Drones could help transport organs
Doctors hope to use unmanned aircraft to speed up transplant delivery
At a Southern Maryland airfield, Dr. Joseph Scalea watched a drone carrying a kidney in a cardboard cooler fly 3 miles.
The test flight, repeated 14 times, was the culmination of three years’ work by the University of Maryland Medical Center transplant surgeon, who sees the unmanned aircraft as the ultimate method for delivering life-saving organs from donors to recipients.
“I did a transplant where the organ flew 1,500 miles from Alabama on a commercial aircraft and it took 29 hours,” Scalea said. “That’s ridiculous. It could have been here in six. And yet that’s accepted as how we do things.”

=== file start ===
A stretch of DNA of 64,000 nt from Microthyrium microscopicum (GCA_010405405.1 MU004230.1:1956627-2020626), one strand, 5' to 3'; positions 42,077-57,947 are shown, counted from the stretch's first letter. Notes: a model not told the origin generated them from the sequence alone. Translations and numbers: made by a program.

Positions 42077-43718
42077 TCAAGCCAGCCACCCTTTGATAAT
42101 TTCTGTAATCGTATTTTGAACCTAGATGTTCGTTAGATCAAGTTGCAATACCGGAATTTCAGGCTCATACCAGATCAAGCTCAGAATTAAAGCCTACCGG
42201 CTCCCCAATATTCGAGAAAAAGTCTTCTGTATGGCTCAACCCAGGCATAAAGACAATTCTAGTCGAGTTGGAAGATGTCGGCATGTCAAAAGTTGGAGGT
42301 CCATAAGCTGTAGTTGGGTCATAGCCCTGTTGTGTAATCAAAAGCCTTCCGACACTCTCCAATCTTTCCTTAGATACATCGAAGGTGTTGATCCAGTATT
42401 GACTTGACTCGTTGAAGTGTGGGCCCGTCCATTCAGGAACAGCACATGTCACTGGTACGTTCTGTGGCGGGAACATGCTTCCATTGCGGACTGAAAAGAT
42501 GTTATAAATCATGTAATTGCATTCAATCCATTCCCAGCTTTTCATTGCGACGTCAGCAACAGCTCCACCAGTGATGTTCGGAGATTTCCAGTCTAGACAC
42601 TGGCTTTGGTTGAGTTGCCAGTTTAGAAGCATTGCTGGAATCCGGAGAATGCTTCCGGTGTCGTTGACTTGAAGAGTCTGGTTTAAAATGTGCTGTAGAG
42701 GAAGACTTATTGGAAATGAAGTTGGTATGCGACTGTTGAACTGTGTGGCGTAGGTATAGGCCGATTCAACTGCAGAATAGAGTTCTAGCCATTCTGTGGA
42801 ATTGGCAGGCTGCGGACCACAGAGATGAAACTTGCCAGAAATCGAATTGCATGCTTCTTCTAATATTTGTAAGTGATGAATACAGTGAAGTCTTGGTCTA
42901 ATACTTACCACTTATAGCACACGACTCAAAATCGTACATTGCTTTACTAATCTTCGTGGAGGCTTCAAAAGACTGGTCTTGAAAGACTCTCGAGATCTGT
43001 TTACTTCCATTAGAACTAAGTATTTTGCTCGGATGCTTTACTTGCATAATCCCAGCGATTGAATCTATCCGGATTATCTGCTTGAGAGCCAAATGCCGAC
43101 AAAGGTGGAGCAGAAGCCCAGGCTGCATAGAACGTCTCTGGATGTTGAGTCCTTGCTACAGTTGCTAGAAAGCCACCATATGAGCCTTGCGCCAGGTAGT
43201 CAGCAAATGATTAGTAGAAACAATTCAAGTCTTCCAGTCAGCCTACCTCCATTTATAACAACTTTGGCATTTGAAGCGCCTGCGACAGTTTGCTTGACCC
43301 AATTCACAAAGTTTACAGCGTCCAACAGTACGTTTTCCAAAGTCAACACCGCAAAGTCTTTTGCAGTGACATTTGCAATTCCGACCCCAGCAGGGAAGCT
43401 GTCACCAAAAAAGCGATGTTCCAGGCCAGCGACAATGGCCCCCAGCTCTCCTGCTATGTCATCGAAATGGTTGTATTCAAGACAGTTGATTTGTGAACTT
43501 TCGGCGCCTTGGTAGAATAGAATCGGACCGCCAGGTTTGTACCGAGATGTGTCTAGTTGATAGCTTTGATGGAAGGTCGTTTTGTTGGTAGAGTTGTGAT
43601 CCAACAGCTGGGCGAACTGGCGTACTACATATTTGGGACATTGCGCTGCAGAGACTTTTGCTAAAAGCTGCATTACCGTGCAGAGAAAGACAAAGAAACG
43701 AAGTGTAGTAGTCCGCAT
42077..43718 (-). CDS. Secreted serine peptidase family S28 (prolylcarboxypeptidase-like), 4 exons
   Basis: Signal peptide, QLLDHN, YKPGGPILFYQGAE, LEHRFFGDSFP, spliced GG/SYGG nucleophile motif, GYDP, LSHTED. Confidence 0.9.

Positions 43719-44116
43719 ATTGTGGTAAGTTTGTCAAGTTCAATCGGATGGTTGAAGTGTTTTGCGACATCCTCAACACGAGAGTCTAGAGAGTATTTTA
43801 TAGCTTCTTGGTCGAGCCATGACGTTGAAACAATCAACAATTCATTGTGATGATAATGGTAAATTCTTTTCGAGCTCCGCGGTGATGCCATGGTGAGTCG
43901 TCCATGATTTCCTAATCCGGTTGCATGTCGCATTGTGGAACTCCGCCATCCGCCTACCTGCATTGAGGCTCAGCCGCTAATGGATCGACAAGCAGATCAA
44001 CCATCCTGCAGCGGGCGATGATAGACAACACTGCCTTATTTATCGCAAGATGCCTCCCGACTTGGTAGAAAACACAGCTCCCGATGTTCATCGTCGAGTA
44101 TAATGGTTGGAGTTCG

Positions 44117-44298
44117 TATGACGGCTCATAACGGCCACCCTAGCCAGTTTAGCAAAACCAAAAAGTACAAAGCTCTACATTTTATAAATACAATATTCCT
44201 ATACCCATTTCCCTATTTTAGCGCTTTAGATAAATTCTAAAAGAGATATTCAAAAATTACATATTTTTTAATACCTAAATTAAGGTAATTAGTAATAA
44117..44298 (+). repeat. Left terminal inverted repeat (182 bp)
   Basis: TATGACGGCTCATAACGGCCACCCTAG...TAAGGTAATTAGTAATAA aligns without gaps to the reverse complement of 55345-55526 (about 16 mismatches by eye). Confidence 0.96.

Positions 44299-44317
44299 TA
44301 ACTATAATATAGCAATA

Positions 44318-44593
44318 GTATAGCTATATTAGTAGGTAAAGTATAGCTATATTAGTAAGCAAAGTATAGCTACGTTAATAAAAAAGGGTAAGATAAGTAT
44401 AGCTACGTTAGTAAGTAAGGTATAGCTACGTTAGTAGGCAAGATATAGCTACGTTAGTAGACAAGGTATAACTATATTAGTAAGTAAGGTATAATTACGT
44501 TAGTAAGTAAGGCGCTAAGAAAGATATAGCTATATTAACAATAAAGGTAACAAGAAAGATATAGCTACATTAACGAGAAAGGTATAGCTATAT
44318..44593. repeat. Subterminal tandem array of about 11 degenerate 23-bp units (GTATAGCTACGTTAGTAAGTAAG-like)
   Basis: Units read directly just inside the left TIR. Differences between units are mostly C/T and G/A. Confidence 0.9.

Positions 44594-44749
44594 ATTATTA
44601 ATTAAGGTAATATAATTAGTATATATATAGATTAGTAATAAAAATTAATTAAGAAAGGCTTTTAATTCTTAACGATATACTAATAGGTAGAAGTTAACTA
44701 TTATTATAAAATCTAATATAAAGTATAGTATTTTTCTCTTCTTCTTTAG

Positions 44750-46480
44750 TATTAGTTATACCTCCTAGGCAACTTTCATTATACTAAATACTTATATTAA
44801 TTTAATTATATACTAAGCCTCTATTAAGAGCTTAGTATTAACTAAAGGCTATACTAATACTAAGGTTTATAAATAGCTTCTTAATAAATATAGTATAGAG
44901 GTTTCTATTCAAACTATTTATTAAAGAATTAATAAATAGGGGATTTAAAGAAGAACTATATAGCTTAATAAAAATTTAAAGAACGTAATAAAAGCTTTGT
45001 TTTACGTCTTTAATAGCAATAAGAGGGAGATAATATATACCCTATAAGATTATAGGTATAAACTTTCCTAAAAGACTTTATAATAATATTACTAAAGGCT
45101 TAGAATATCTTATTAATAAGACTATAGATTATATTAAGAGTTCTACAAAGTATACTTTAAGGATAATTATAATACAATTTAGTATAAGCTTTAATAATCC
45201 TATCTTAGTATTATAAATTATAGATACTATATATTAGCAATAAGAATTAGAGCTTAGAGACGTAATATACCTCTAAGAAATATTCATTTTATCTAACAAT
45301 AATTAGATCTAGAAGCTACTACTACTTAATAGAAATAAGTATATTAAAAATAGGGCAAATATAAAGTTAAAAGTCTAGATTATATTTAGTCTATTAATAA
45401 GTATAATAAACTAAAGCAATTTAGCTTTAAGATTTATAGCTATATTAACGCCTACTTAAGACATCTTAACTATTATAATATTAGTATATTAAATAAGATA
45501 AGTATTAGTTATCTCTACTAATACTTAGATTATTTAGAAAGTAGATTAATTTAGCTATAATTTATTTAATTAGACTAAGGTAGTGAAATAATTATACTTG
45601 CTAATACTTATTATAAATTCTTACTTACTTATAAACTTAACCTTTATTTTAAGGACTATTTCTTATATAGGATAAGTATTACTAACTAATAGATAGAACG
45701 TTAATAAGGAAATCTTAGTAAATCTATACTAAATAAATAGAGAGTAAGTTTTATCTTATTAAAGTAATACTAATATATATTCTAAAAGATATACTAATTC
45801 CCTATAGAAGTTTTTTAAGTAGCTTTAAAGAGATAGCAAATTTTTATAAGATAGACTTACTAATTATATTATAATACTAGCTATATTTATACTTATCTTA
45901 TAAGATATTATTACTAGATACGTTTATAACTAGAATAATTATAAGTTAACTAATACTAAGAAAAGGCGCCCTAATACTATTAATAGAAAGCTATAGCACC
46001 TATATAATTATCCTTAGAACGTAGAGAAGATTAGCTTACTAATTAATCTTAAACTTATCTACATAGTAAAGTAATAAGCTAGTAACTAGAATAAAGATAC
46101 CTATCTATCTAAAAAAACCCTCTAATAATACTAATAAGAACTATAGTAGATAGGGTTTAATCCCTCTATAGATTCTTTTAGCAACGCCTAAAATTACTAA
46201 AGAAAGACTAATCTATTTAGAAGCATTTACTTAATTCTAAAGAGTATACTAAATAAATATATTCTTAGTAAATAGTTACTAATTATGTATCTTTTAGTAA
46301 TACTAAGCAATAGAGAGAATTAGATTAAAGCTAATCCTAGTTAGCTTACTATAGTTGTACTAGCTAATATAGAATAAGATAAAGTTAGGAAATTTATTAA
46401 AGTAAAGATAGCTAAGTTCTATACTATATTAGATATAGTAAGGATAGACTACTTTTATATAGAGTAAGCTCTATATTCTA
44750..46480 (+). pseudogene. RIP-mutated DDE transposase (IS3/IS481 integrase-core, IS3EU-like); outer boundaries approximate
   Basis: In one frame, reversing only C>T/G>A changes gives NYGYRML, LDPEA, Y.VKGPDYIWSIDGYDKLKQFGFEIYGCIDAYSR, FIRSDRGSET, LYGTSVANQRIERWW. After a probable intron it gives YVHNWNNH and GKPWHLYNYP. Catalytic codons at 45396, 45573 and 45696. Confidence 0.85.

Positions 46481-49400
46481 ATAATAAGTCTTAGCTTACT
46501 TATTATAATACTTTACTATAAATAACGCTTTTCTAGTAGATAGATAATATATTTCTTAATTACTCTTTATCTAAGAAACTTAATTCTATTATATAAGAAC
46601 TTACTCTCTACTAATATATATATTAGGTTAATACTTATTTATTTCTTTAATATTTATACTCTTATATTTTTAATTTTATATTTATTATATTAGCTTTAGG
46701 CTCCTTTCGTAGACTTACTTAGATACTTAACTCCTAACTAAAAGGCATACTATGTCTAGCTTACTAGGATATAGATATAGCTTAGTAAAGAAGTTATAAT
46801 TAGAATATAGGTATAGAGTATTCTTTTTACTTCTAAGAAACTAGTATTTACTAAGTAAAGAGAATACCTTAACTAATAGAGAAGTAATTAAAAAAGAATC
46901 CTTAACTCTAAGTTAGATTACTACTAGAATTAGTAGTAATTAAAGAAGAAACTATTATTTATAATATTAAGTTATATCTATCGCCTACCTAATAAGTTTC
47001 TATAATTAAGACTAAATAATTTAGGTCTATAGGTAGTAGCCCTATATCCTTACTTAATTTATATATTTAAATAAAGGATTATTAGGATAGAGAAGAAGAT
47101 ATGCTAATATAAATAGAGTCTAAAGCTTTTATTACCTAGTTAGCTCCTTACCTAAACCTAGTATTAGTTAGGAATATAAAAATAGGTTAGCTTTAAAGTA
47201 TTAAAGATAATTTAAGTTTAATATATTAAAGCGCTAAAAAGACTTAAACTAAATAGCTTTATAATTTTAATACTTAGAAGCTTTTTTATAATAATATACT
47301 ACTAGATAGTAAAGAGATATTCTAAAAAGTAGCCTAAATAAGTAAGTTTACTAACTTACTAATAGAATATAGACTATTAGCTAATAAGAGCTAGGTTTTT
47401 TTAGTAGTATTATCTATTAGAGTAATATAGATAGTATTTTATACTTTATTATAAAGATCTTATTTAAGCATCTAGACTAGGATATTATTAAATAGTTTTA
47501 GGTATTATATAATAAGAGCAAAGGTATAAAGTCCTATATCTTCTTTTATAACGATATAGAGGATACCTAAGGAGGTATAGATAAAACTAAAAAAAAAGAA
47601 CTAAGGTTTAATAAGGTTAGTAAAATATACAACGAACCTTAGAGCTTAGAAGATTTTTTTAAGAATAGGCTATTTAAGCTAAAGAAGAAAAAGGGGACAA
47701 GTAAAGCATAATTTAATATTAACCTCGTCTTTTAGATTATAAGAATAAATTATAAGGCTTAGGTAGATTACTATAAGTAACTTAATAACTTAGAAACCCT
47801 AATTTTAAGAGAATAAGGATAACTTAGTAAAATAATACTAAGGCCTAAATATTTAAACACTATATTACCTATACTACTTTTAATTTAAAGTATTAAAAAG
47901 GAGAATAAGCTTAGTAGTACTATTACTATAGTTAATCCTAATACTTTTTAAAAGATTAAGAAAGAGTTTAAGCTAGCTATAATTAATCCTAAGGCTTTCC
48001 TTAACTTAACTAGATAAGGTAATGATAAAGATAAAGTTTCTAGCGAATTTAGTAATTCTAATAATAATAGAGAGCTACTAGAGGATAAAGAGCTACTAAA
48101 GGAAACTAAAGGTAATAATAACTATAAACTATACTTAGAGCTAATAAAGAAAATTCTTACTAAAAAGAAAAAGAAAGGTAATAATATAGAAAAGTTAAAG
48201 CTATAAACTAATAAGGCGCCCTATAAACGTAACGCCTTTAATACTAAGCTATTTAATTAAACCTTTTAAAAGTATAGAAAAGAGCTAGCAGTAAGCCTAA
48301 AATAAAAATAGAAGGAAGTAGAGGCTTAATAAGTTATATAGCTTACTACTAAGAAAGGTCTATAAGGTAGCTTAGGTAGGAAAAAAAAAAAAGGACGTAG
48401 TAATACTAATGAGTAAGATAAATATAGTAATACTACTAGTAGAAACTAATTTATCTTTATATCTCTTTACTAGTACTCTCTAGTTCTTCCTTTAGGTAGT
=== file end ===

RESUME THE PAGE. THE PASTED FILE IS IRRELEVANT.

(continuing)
Organs don’t last long outside the body, and delays and mistakes mean some lose quality or can’t be transplanted. Scalea is frustrated that the system relies on couriers, commercial airline schedules and costly charter flights arranged by local nonprofit agencies. He cited a recent $80,000 charter to deliver a liver to Baltimore from Texas and an unrelated case in which a heart was accidentally left on a commercial plane flying from Seattle.
That led Scalea to try to jump to the head of a movement already underway to resolve the technical, regulatory and medical hurdles to using drones to shepherd medical supplies such as blood, medicines and now See DRONES, page 12